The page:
One Romanian word that soon became a favourite among my classmates doing a summer language course in Sibu, Transylvania, was “imediat“. Look it up in a Romanian-English dictionary and you will find that it is both an adjective meaning “immediate”, and an adverb meaning “immediately”. In Romanian, as a general rule, each syllable is given equal stress, so when someone says “imediat” it does sound punchy and emphatic, like they mean it. I can imagine a Romanian sergeant-major bellowing out that word to a terrified subordinate, whereas I can’t really picture an English sergeant-major yelling “immediately”, to the same effect. The English word seems a little lame next to its Romanian counterpart.
However, in practice, as we discovered, “imediat” can have many subtle meanings, depending on the situation. Let’s look at its application in Romanian restaurants, for example.
- Ask for a menu, and when the waiter (chelner) or waitress (chelneriţă) says “imediat“, this means they will bring it in about five minutes.
- Having finally been given the menu, you study it and make your choice. Then comes the game of spot the chelner or chelneriţă. They seem to have vanished! Finally one appears in the distance. You wave energetically to indicate that you are ready to give your order. The chelner/ chelneriţă nods and says “imediat” and scurries off to another table. This means they will come back to take your order in about 10 minutes.
- You are in a hurry and need to eat something quickly. You ask the chelner/ chelneriţă how long it will take to bring a salată or salad. The answer is “imediat“. This means it will take about 15 minutes. Yes, that’s right, 15 minutes to shred some lettuce and chuck some tomatoes and cucumber and maybe some cheese on top of it.
- Now you are in a real hurry. You have wolfed down your salată and want to pay the notă de plată (bill). You play spot the chelneriţă once again. There she is, scurrying to every other table but yours! You wave once, you wave twice, but she is as blind as un liliac (a bat). Eventually you accost her. You’ve gotta go, you need the bill. Yes, yes, she understands, imediat! This means she will rush over with your bill in about eight minutes.
I might be exaggerating, I might not. In Romania, like everywhere else, in some places you get great service, in others you don’t. Sibiu is one of Romania’s top tourist destinations, in summer it holds many festivals and more often than not it is packed. In the fortnight I was there, there was a huge international folkloric dance festival and a gothic rock festival, and the place was teeming with tourists. Every night the restaurants and cafes were crowded, and the poor staff were rushed off their feet. Well, most of them, not all. I remember waiting in one restaurant (I was the customer, not a staff member on duty!) for what seemed like an awfully long time for the food to arrive. Our table had a good view of the kitchen and we could see the solitary bucătar (cook) or bucătar-şef (chef) in action. We soon understood why things were a little bit slow. Every now and then when the chelneriţă came in with an order, the bucătar would down tools and gave her a good snog. That’s right, he dropped his tongs and gave her tongue! He lowered his splatter guard and splattered her! He couldn’t keep his oven mitts off her! Still, they do say that food made with love is the tastiest, and that all things come to those who wait…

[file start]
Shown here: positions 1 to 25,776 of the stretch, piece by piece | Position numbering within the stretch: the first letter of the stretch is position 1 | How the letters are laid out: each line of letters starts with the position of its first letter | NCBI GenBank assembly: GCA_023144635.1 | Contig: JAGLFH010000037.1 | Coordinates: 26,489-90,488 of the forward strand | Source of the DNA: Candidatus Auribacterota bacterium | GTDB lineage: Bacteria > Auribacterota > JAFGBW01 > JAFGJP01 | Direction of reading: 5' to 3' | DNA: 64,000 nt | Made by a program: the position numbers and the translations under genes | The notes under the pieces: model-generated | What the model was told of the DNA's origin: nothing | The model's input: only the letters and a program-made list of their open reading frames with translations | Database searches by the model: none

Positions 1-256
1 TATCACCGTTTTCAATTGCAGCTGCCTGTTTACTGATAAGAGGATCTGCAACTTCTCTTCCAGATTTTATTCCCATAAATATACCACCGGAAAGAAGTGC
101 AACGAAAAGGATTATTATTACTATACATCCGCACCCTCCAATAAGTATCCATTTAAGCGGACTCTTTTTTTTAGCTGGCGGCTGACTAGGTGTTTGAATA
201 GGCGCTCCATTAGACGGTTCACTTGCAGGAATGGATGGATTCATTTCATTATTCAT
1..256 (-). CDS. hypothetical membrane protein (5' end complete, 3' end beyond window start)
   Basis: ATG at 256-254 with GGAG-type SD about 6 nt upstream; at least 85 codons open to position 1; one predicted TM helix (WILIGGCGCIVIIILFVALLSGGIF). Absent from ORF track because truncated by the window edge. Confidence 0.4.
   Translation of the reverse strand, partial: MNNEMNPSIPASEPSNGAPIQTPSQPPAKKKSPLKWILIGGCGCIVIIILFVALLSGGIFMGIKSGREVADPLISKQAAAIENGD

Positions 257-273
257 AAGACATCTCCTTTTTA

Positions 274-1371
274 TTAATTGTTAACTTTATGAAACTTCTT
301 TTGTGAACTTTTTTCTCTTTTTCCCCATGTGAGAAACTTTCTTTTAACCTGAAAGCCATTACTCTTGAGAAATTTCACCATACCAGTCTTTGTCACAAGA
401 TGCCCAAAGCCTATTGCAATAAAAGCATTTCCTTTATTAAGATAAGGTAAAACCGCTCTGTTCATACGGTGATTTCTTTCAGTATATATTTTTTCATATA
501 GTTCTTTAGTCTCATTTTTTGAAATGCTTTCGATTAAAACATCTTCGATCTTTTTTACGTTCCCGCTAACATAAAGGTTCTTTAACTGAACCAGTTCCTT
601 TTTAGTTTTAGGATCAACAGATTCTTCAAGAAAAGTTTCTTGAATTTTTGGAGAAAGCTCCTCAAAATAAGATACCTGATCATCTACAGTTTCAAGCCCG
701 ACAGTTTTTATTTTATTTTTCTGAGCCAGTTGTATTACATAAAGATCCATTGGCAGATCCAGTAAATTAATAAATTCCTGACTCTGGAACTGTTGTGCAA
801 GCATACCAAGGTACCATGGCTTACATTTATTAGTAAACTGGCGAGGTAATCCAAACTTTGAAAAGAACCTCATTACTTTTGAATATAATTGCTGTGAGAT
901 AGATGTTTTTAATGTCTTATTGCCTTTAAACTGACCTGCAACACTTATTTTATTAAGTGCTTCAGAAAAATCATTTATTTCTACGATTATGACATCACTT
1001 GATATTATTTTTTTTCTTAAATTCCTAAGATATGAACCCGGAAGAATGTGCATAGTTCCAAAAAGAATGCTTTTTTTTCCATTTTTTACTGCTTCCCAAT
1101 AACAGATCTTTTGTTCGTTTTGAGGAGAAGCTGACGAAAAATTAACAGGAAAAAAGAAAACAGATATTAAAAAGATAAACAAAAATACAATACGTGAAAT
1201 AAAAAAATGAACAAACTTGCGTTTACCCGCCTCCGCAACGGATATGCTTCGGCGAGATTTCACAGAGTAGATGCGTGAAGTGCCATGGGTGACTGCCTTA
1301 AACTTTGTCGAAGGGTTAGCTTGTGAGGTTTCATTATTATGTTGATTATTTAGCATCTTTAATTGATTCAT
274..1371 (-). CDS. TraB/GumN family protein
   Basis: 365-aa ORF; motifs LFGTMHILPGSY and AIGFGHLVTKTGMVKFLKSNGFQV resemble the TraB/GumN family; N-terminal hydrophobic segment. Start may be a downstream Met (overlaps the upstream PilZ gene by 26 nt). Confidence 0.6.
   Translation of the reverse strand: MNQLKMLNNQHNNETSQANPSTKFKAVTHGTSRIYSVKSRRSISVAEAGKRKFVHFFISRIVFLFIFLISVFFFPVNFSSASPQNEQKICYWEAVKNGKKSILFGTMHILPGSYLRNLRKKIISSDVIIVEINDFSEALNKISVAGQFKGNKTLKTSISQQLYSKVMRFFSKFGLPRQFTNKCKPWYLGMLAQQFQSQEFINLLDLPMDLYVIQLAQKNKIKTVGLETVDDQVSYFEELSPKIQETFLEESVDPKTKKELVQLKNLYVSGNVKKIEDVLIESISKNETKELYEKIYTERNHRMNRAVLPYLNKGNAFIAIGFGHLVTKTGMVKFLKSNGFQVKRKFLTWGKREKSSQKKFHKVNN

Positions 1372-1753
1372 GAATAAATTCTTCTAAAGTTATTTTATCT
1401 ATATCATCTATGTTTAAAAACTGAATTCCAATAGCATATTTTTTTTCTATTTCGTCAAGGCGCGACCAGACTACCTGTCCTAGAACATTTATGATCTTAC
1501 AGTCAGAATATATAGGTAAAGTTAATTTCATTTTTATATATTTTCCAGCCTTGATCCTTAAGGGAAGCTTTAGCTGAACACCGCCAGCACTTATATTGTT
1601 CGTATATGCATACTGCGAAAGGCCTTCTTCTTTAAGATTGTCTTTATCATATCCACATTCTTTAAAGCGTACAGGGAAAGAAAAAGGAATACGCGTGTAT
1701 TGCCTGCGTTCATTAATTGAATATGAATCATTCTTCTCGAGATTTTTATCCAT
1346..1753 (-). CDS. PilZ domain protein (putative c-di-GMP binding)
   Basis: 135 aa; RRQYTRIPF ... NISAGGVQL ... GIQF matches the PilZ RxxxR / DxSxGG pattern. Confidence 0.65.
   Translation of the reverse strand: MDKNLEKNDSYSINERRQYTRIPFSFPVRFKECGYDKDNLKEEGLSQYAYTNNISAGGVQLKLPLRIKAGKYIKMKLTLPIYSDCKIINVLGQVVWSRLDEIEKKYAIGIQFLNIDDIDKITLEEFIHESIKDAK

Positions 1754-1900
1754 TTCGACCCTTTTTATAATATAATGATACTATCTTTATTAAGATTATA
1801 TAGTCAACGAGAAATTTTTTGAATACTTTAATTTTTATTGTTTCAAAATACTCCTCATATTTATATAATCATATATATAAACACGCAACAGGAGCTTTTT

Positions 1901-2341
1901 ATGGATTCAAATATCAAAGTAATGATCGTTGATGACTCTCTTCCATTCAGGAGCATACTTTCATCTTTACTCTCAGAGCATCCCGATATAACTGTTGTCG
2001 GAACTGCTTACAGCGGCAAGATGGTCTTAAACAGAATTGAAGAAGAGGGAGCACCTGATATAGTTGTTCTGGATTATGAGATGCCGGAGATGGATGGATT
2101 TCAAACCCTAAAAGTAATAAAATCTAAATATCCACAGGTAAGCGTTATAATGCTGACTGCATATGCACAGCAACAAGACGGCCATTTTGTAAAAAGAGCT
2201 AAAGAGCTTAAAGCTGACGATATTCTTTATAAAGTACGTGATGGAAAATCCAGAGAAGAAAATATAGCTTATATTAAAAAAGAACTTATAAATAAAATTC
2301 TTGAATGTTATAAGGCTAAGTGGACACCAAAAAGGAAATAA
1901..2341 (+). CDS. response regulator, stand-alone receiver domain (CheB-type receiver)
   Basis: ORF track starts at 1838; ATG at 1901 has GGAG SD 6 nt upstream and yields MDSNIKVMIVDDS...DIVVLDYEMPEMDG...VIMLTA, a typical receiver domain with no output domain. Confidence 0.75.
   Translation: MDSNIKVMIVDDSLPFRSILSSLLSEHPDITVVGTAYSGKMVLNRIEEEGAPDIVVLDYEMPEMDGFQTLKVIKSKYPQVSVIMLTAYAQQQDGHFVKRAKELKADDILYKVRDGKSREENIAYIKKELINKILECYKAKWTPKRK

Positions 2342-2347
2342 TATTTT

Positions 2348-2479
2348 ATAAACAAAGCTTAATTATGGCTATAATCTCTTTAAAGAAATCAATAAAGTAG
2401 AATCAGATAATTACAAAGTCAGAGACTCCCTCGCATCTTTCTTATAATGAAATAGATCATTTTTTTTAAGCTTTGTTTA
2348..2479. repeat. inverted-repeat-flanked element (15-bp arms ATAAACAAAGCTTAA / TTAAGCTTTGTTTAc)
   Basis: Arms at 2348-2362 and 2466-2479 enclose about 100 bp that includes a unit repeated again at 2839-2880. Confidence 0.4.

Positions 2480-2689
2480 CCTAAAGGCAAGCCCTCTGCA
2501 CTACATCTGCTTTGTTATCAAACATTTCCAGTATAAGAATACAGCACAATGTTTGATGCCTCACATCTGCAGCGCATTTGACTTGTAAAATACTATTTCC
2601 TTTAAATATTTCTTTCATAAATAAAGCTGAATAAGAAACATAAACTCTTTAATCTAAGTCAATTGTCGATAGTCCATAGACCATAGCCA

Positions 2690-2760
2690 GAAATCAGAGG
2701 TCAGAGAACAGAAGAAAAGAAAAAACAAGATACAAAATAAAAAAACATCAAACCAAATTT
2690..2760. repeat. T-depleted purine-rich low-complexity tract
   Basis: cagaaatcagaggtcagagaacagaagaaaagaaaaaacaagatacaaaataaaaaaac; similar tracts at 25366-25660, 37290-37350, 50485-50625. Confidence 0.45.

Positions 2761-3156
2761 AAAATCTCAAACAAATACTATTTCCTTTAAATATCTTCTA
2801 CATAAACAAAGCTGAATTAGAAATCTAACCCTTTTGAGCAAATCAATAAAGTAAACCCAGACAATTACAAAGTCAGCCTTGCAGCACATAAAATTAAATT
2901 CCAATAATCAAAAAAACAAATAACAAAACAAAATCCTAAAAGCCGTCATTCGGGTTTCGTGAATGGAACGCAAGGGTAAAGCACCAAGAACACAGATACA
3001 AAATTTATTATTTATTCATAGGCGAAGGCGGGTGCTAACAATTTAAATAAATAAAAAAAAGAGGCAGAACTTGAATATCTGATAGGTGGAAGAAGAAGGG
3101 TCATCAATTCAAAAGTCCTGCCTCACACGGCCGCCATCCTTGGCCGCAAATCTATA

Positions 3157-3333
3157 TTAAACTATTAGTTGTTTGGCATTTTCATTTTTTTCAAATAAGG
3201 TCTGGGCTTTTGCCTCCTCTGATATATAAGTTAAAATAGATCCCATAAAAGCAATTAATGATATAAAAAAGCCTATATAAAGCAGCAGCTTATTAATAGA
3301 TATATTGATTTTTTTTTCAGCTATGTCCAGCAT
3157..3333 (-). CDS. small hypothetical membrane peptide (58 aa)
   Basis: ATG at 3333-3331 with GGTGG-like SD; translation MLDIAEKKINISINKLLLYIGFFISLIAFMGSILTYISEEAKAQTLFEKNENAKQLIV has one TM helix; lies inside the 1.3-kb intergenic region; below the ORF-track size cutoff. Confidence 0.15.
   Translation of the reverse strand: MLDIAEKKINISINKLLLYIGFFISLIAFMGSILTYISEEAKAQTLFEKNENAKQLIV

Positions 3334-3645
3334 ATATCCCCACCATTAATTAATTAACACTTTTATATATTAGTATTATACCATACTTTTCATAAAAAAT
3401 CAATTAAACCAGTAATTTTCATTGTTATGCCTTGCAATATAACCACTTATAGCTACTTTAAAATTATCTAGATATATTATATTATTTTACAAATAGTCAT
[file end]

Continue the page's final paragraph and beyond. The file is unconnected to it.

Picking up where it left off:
To wait in Romanian, you should know, since you might be doing a lot of it, is a aştepta, and a aştepta cu nerăbdare means to look forward to, as in I can hardly wait… although literally it means “to wait with impatience” (răbdare is patience, and răbdător is the adjective meaning patient). From this you should guess that the sala de aşteptare sign at the top of the post is the hospital/doctor waiting room.
To hurry or hurry up is a se grăbi, and if you want to say ‘I am in a hurry’ it is Mă grăbesc. (An easy way to remember this, perhaps, is when you are in a hurry you just grab a bite to eat.)
The moral of the story, I think, is never be in a hurry or impatient in Romania, or anywhere else for that matter. Just sit back, relax and enjoy the moment. And the next moment. The many moments. Say to yourself, Nu pot să mă plăng … I can’t complain.
Here’s a song for you. It is has got nothing to do with Romance languages, it just came to mind while I was writing this post.
Pa pa (bye bye)
- The quirks of Romania (and Romanian) (myfiveromances.wordpress.com)
- Useful expressions in Romanian, like oral sex tomorrow, perhaps (myfiveromances.wordpress.com)
- The Top Reasons You Should Visit Romania (roomorama.com)
- The ‘New Wave’ of Romanian Cinema (theculturetrip.wordpress.com)